THE EMPLOYERS' EDGE
Ontario Government Passes the Working for Workers Act, 2022 With Important Changes for Employers
On Monday, April 11, 2022 Bill 88, the Working for Workers Act, 2022 (the ”Act”) received Royal Assent and came into force. The Act is intended to be a part of the Ontario governments continued response to the recommendations contained in a report from the Ontario Workforce Advisory Committee. Previously the government passed Bill 27, Working for Workers Act, 2021 which requires employers with 25 or more employees to implement a right to disconnect policy by June 2, 2022. This Act, like its predecessor, makes several notable changes to the workplace through the creation and modification of legislation.
Amendment to the ESA to Enact a Policy on Electronic Monitoring
The Act creates a new obligation on employers with 25 or more employees to have a policy, in writing, regarding any electronic monitoring. Employers have until October 11, 2023 to put their policies in place. Following that, any employer with more than 25 employees as of January 1st will have until March 1st of that year to implement policy. The policy requires employers to advise employees whether they are being monitored and, if they are, the circumstances of the monitoring and how the information they collect will be used.
Creation of the Digital Platform for Workers Rights Act, 2022
The Act introduces the Digital Platform for Workers Rights Act, 2022. This creates several rights for workers who accept work through a digital platform. Digital platform work includes, but is not limited to, workers who accept payment for ride share, delivery and courier. While the New Digital Platform for Workers Rights Act, 2022 will eventually come into force, it is unclear when it will take full effect.
The New Digital Platform for Workers Rights Act, 2022 creates several rights for digital platform workers such as:
- the right to minimum wage;
- the right to amounts earned by the worker and to tips and other gratuities;
- the right to a recurring pay period and pay day;
- the right to be free from reprisal;
- the right to resolve work-related disputes in Ontario; and,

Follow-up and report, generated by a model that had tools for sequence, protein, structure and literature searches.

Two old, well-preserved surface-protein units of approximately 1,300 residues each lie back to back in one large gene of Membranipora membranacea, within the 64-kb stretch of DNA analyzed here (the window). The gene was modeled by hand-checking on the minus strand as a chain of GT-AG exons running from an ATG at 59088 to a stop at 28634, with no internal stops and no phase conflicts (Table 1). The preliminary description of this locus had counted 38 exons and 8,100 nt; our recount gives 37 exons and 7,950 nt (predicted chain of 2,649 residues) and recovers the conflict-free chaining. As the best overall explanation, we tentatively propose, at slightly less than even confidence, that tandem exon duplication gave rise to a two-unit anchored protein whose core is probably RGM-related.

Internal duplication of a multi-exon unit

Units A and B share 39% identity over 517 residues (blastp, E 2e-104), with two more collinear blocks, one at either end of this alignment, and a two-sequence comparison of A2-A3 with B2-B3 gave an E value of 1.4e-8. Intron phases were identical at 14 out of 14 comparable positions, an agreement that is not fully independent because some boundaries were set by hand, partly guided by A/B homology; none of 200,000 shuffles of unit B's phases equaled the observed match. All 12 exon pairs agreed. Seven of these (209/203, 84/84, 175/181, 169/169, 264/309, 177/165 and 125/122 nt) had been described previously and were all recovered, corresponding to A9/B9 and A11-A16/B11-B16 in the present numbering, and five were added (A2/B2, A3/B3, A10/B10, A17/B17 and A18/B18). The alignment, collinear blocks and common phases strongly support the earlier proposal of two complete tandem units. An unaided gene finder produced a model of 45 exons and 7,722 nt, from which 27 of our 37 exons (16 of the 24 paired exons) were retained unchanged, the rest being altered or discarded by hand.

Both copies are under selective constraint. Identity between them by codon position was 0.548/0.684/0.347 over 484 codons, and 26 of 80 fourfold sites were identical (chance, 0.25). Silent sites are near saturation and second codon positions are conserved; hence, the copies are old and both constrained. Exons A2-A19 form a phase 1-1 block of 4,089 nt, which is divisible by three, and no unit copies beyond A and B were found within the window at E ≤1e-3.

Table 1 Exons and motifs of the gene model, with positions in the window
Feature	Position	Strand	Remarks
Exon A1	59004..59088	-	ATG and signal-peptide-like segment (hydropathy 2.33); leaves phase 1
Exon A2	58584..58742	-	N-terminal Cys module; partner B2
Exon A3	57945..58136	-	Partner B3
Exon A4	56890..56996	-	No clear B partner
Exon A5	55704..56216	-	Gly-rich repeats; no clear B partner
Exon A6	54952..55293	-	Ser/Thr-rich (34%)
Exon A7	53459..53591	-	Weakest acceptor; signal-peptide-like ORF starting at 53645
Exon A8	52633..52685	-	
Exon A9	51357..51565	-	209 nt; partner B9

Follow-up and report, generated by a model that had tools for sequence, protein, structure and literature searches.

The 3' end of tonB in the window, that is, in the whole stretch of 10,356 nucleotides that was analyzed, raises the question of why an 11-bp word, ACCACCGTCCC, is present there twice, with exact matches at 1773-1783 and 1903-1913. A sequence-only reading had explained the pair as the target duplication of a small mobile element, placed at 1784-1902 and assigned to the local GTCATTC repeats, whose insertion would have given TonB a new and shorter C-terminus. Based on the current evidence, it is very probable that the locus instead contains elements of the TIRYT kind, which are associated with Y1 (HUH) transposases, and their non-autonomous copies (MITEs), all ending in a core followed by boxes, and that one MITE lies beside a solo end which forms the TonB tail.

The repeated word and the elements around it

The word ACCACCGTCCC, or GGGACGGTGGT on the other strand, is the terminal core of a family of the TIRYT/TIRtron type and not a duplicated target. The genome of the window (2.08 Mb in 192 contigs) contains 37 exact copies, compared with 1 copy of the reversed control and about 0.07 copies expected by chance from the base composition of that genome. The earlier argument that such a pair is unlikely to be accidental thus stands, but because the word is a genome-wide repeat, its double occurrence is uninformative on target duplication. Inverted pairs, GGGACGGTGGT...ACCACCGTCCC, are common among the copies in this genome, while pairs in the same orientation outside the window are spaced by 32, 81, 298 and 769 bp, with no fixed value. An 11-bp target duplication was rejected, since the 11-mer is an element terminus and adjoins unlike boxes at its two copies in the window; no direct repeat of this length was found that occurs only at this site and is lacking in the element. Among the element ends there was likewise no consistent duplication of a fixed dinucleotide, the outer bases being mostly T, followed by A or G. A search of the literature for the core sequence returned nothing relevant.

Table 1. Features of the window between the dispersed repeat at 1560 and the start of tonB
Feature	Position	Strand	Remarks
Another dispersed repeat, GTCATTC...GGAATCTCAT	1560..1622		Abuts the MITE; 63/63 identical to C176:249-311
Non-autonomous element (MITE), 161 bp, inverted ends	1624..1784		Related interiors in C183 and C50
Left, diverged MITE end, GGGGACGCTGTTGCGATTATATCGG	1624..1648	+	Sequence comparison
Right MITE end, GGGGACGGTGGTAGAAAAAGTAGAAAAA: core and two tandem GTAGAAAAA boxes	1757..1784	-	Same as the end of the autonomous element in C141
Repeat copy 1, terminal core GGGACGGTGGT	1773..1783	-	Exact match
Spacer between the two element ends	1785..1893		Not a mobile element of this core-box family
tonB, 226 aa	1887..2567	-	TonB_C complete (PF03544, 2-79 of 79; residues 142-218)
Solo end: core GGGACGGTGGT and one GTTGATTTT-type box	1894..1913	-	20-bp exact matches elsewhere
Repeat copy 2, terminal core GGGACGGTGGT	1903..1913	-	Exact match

- the right to notice of removal from an operator’s digital platform.
Amendments to the Occupational Health and Safety Act (“OHSA”)
The OHSA was amended by the Act to require employers to provide naloxone kits if the employer becomes aware, or reasonably ought to be aware, that there may be a risk of a worker having an opioid overdose at the workplace. A date has not yet been determined as to when employers will be required to provide naloxone kits.
The Act additionally increased the maximum fines for contraventions of the OHSA from $100,000 to $1,500,000 for directors and officers of a corporation. For all other individuals the fine increased from $100,000 to $500,000. Additionally, the limitation period for health and safety prosecutions has extended from one (1) year to two (2) years from the later of the date of the occurrence and the day the inspector becomes aware of the alleged offence. The increased fines and extended limitation period will take effect on July 1, 2022.
The Removal of Certain Business Consultants and Information Technology Consultants
The Act also amends the ESA to exclude certain business and information technology consultants. The changes are subject to certain criteria such as minimum compensation requirements but it will not take full effect January 1, 2023.
The Act defines “business consultant” as an individual who provides advice or services to a business or organization in respect of its performance, including advice or services in respect of the operations, profitability, management, structure, processes, finances, accounting, procurements, human resources, environmental impacts, marketing, risk management, compliance or strategy of the business or organization.
The Act defines “information technology consultant” as an individual who provides advice or services to a business or organization in respect of its information technology systems, including advice about or services in respect of planning, designing, analyzing, documenting, configuring, developing, testing and installing the business or organization’s information technology systems.
Other Notable Changes
The Act also implements the following legislative changes:
- Reservist will now be entitled to leaves of absence after 3 consecutive months of being employed, a requirement that was reduced from 6 consecutive months. This amendment to the ESA came into force on April 11, 2022;
- The Act also amends the Fair Access to Regulated Professions and Compulsory Trades Act, 2006 to establish timelines in which regulated professions must respond to applications for registration from domestic labour mobility applicants. Now under the amendment applications for registration must be acknowledged within 10 days and registration decisions must be made within 30 days of the regulated profession receiving the application. This amendment also came into force on date of royal assent, April 11, 2022.
If you have any questions on how this new legislation will affect your workplace, or need support in the drafting of a right to disconnect or employee supervision policy please reach out to the lawyers for employers at CCPartners for expert legal guidance and support.
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